No youth should have to pay to learn vocational skills in a two-year college as they do in California, but not in many other states.

An existing major problem with current programs is the failure to include parents for those 18 and under 18 to ensure parental support.

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January 2, 2010 | 3:07 AM

Right on advocate. This should be handled by the money we pay for education or get it from the lottery. More taxes BS. besides the kids would probably never see none of this money, bit it would go to line the political criminals for jet trips to all parts of the world. This is a bunch of political crap

January 2, 2010 | 8:30 AM

The Unions shut down public school vocational training. They want to control all forms of vocational training.

January 1, 2010 | 1:28 PM

Let me see…the Sac Labor Council is behind this. So guess he would get all the free (I mean training) labor??

Perhaps if kids actually stayed in school, studied and prepared themselves through the innumerable courses available through the high schools, community colleges and private colleges, they would be prepared to enter the labor market. After all isn’t this a function of the schools??

This sounds like something Darrel Steinberg would dream up… which means ist bound to appeal to the yahoos on the city council.

January 1, 2010 | 5:17 PM

Its a scam b y the unions to get your tax dollars

January 1, 2010 | 11:13 PM

Jim, you must be paranoid about or had a very bad experience with unions. They didn’t shut down vocational training in California high schools–educators who believed that every student should go to college did that years ago.

Unions have known for decades that cooperation with Voc Rehab, private skills training schools, apprenticeship programs and in other states high schools with shop and vocational training courses and trade tech schools is to their and industry’s advantage. Such courses produced excellent candidates to be hired for OJT and trades by various businesses and industries.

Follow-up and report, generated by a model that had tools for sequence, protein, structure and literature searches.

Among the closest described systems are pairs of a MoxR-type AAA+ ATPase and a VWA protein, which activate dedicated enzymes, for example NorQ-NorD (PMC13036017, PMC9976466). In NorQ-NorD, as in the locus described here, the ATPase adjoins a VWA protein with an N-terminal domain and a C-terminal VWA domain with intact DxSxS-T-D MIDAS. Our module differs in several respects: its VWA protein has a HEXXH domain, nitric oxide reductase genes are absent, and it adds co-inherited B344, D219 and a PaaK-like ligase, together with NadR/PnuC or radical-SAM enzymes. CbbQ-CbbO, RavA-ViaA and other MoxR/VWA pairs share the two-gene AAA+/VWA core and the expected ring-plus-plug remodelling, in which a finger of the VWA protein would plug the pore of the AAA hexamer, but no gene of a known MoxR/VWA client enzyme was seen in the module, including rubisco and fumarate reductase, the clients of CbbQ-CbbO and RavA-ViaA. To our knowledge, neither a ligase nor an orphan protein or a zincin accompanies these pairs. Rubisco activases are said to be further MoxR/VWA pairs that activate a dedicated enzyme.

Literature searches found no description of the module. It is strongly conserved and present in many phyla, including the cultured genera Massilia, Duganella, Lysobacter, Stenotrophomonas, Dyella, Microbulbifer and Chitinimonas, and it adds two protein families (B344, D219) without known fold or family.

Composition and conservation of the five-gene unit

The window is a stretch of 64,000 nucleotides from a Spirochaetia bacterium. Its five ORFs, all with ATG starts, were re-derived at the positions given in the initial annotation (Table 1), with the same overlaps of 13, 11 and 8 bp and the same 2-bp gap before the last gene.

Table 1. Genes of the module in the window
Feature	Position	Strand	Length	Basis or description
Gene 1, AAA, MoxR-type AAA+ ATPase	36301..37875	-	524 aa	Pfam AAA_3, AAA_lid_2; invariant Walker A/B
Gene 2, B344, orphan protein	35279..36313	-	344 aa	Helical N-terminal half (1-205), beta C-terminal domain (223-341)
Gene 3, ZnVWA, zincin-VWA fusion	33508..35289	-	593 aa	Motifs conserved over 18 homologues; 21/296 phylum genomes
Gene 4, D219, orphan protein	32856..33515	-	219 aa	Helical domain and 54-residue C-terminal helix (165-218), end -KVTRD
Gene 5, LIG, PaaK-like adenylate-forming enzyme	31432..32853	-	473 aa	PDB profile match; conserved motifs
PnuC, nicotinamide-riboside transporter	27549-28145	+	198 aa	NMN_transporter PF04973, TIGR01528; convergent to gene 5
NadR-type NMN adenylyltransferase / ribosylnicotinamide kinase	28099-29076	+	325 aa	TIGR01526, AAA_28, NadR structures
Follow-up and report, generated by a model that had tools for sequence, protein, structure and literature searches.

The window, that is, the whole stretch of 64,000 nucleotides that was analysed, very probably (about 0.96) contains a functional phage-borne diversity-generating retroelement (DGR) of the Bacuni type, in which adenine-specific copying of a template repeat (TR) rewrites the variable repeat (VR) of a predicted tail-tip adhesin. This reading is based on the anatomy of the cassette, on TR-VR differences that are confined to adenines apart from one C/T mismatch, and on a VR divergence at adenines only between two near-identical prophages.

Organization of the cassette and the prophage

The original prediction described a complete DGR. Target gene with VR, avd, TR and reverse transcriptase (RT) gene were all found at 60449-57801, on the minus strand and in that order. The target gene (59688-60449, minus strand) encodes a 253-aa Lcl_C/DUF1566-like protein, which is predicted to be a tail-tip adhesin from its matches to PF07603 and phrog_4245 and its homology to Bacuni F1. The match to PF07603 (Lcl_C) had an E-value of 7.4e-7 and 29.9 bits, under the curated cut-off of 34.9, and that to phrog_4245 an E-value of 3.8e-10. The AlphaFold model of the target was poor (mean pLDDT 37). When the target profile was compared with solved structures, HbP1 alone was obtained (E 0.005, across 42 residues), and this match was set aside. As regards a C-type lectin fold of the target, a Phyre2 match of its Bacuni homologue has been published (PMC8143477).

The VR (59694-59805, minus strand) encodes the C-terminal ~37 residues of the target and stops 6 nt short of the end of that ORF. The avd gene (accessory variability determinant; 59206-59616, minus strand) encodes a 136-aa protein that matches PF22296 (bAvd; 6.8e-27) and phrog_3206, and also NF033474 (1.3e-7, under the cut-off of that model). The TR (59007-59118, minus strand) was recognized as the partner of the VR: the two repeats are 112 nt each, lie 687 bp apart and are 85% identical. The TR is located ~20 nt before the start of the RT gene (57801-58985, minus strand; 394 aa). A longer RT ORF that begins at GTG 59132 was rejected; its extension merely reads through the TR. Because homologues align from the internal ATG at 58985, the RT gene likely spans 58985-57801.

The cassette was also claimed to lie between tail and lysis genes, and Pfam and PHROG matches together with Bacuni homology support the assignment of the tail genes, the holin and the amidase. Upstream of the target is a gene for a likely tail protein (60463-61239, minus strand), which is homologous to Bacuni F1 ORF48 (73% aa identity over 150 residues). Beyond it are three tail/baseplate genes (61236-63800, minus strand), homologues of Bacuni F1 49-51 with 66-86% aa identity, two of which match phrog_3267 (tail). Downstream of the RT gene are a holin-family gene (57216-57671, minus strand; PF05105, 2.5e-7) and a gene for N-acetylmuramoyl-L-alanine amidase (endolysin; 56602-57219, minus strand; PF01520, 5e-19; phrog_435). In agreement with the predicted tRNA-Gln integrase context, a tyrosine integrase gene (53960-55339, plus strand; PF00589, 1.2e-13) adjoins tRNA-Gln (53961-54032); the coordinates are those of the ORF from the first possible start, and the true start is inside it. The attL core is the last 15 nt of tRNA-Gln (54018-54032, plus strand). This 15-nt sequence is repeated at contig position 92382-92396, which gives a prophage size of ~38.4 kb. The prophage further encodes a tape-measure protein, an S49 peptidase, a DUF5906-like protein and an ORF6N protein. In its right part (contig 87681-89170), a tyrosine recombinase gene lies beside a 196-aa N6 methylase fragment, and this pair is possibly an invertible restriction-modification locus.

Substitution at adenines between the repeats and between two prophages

It was also the labor union members whose efforts and sacrifice, often in lives, gained momentum and support against tremendous robber baron odds in the 1800′s which finally created a blue collar middle class in this country.

Rhys02: What are those “innumerable” shop and vocational classes in Calif high schools? More mechanically gifted students would probably stay in school if they were allowed to acquire skills which enabled them upon graduation to enter into jobs which paid a reasonable wage to earn a living.

January 2, 2010 | 8:26 AM

Oh really Dale? Where you in the meetings with unions?

Dale you have probably never been in a union in your life… In fact when was the last time you even had a job?

Stop commenting on something you have no experience or knowledge of. UNIONS fight tooth and nail to shut down ALL non union training programs….

February 3, 2010 | 12:21 PM

this jim knapp chap has obviously had a sad life. dont let his negativey stop you from giving youth a great oppurtunity in the comming years. this bill provides prevention instead of intervention. i mean if you wanna spend more money on jails and cops in the future rather than biting the isue in the but now… i mean then agree with this chap. but lets be honest knappy – you dont know what your talking about and your ignorant comments are just propaganda that scew the thoughts of others. keep that to your self.